Election Study Center: Around 60% of residents feel distinctly Taiwanese — three times as many as in the 1990s


Election Study Center 選舉研究中心

The Election Study Center at the National Chengchi University in Taiwan.


The number polled in 2022 is 12,173.


Excerpts from:


‘I am Taiwanese’: China threat toughens island’s identity

  • Apr 17, 2023


Xi says Taiwan’s people — the majority of whom have roots in mainland China — are Chinese and are betraying their heritage by hanging on to independence.

But locals on Taiwan’s main island say they are their own people in a sovereign nation that has forged a unique identity defined by democratic ideals.

“I was born in Taiwan and I live in Taiwan so I am Taiwanese,” said Jing-Mei museum worker Angela Hung, 50. “It’s a free and peaceful place … I hope to continue our current way of living.”

The decadeslong threat from Beijing has only strengthened the island’s distinct — and separate — identity among its 23 million people, said history student Rick Lai, who was snapping graduation photos at Taipei’s Liberty Square.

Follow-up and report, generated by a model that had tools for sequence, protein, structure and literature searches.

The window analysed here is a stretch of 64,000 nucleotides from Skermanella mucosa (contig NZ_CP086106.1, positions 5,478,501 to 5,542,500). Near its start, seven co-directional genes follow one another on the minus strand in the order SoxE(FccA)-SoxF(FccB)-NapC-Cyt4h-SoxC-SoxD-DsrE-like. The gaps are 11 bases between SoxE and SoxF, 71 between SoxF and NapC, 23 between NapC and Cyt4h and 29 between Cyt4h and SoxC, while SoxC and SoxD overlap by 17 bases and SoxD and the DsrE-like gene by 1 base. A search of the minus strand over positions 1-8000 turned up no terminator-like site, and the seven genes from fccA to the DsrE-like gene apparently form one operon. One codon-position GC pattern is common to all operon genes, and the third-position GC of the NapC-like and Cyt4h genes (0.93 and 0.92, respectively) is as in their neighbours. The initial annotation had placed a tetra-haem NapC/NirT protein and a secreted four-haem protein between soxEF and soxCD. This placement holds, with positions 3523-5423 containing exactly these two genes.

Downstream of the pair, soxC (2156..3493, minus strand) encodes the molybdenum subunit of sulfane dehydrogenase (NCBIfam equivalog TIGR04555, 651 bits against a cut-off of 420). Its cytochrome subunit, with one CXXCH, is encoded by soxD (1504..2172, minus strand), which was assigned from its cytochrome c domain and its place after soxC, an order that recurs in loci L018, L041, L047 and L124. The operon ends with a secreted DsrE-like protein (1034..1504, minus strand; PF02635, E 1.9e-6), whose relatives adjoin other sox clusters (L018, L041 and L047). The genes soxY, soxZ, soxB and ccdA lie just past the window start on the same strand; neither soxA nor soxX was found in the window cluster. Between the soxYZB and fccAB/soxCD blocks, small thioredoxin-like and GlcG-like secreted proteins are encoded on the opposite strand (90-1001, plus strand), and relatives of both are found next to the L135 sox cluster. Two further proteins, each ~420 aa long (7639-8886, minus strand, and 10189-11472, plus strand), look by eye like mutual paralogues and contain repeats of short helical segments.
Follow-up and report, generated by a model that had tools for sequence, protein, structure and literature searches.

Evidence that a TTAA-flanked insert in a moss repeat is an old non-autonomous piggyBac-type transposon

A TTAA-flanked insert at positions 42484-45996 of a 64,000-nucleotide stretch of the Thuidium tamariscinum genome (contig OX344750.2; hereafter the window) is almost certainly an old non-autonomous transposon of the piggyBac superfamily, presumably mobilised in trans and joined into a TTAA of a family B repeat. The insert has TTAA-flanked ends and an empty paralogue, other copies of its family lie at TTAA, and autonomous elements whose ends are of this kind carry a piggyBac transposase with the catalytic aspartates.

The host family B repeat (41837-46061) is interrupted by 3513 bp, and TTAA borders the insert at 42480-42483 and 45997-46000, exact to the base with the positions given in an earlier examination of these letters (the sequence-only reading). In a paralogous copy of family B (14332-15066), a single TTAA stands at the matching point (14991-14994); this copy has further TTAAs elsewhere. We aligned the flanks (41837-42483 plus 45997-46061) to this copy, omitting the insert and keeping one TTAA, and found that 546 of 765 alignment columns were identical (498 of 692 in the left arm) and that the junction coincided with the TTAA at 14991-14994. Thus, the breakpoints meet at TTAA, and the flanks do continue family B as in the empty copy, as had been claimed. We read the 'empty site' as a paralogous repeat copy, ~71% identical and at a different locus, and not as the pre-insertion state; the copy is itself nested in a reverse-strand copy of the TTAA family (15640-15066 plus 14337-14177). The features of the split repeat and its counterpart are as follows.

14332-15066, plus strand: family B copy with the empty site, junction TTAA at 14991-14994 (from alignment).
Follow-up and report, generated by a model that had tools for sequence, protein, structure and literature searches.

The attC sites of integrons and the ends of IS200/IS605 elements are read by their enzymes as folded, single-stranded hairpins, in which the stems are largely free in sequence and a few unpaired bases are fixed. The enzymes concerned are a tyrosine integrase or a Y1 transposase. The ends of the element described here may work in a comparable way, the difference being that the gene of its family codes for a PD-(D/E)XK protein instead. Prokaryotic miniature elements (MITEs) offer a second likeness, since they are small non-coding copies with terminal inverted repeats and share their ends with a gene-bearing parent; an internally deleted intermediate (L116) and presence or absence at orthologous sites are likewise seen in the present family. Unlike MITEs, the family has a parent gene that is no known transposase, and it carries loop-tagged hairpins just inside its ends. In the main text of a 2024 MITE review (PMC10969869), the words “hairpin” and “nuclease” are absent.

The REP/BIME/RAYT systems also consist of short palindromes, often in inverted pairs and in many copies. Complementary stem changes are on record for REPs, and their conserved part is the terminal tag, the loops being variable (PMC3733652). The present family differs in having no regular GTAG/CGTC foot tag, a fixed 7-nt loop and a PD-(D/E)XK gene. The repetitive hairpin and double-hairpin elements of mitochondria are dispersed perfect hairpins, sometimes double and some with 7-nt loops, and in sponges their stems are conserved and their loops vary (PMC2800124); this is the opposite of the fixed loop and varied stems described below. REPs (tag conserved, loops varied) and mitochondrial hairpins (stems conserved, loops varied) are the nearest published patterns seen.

Polling from the island’s Election Study Center shows that around 60% of residents feel distinctly Taiwanese — three times as many as in the 1990s.

Attachment to Chinese identity has fallen dramatically from 25% to less than 3%, while around a third feel both Taiwanese and Chinese.

Just a shade over 1% want to see the island unified with mainland China and the overwhelming majority reject the idea of falling under the shadow of the Chinese Communist Party.

While opposition to China can be a motivating factor, University of Missouri’s Sydney Yueh, who authored a book on Taiwan’s identity politics and culture, said the island’s “political reformation” has put in place the roots for a more open and prosperous society.

It is the strength of Taiwan’s institutions and social freedoms that allow people to “see their ways of life as different from, if not superior to, the Chinese,” Yueh said.

For bubble tea seller Sam Chen, Taiwan’s identity is already set in stone.

“They may think we belong to them but we are separate and different. … We are already independent,” the 50-year-old said.

“Taiwan is Taiwan, China is China.”




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